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1 Rivington Street
New York, NY 10002
212 414 1169
Chambers Fine Art is a gallery specializing in contemporary Chinese art located in New York and Beijing. It was established by Christophe W. Mao in New York in 2000. Recognizing the need for a gallery that would serve as an authoritative source of information on the latest developments in the rapidly growing contemporary art world in China, Mao named his gallery after Sir William Chambers, the celebrated British architect who was a leading exponent of Chinese principles in garden design in the late eighteenth century. During the first seven years, artists including Lu Shengzhong, Hong Hao, Song Dong and Yin Xiuzhen had their first solo exhibitions in the USA. Since then a younger generation of artists including Wu Jian’an, Zhao Zhao, Fu Xiaotong, and Guo Hongwei has added different perspectives to the gallery profile. Since 2009 the gallery has occupied premises at 522 West 19th Street, a block that is noteworthy for a concentration of new buildings by Frank Gehry, Shigeru Ban and Jean Nouvel as well as proximity to the High Line, the former elevated railway track that has become a much admired public park. Now in its second decade, Chambers Fine Art has become one of the essential destinations for all those interested in the latest and best coming out of China.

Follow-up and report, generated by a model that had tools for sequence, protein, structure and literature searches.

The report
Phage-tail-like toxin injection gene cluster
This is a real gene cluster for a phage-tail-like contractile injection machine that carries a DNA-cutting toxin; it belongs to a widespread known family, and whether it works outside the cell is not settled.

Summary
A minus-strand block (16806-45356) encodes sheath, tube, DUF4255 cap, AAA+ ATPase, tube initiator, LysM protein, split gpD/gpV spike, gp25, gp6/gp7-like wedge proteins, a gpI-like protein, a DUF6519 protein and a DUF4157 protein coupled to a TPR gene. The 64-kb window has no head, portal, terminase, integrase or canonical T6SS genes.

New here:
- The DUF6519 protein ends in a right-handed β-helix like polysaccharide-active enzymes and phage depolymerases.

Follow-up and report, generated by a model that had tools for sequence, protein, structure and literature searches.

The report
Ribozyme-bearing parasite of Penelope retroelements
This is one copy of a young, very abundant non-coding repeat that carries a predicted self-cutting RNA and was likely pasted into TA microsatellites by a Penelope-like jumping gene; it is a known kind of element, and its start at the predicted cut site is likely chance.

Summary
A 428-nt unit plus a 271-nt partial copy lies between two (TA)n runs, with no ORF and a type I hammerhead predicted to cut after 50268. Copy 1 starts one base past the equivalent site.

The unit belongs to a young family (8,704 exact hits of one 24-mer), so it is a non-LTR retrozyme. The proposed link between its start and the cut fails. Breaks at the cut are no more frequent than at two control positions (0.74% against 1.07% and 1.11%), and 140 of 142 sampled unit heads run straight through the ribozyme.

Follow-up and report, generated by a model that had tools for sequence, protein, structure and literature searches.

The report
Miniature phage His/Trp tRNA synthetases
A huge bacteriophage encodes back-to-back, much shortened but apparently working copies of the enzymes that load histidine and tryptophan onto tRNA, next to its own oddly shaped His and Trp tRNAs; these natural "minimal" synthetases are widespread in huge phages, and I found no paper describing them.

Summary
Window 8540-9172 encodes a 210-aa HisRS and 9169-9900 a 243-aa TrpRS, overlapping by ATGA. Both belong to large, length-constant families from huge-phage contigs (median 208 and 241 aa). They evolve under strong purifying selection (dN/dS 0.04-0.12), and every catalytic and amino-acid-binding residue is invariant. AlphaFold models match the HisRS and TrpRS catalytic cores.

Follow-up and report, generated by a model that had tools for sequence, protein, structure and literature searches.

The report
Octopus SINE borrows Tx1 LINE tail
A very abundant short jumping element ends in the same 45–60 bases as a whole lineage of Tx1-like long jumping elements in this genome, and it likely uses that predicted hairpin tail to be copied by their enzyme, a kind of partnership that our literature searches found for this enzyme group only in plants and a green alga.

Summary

Artists Represented:
Ai Weiwei 艾未未
Cai Jin 蔡锦
Cui Fei 崔斐
Feng Mengbo 冯梦波
Fu Xiaotong 付小桐
GAMA
Guo Hongwei 郭鸿蔚
Hong Hao 洪浩
Hong Lei 洪磊
Lu Shengzhong 吕胜中
Qiu Zhijie 邱志杰
Rong Rong 荣荣
Shi Jing 史晶
Shi Jinsong 史金淞
Song Dong 宋冬
Song Dong and Yin Xiuzhen 尹秀珍和宋冬
Song Hongquan 宋红权
Tan Dun 谭盾
Taca Sui 塔可
Wang Dongling 王冬龄
Wang Tiande 王天德
Wu Jian'an 邬建安
Xie Xiaoze 谢晓泽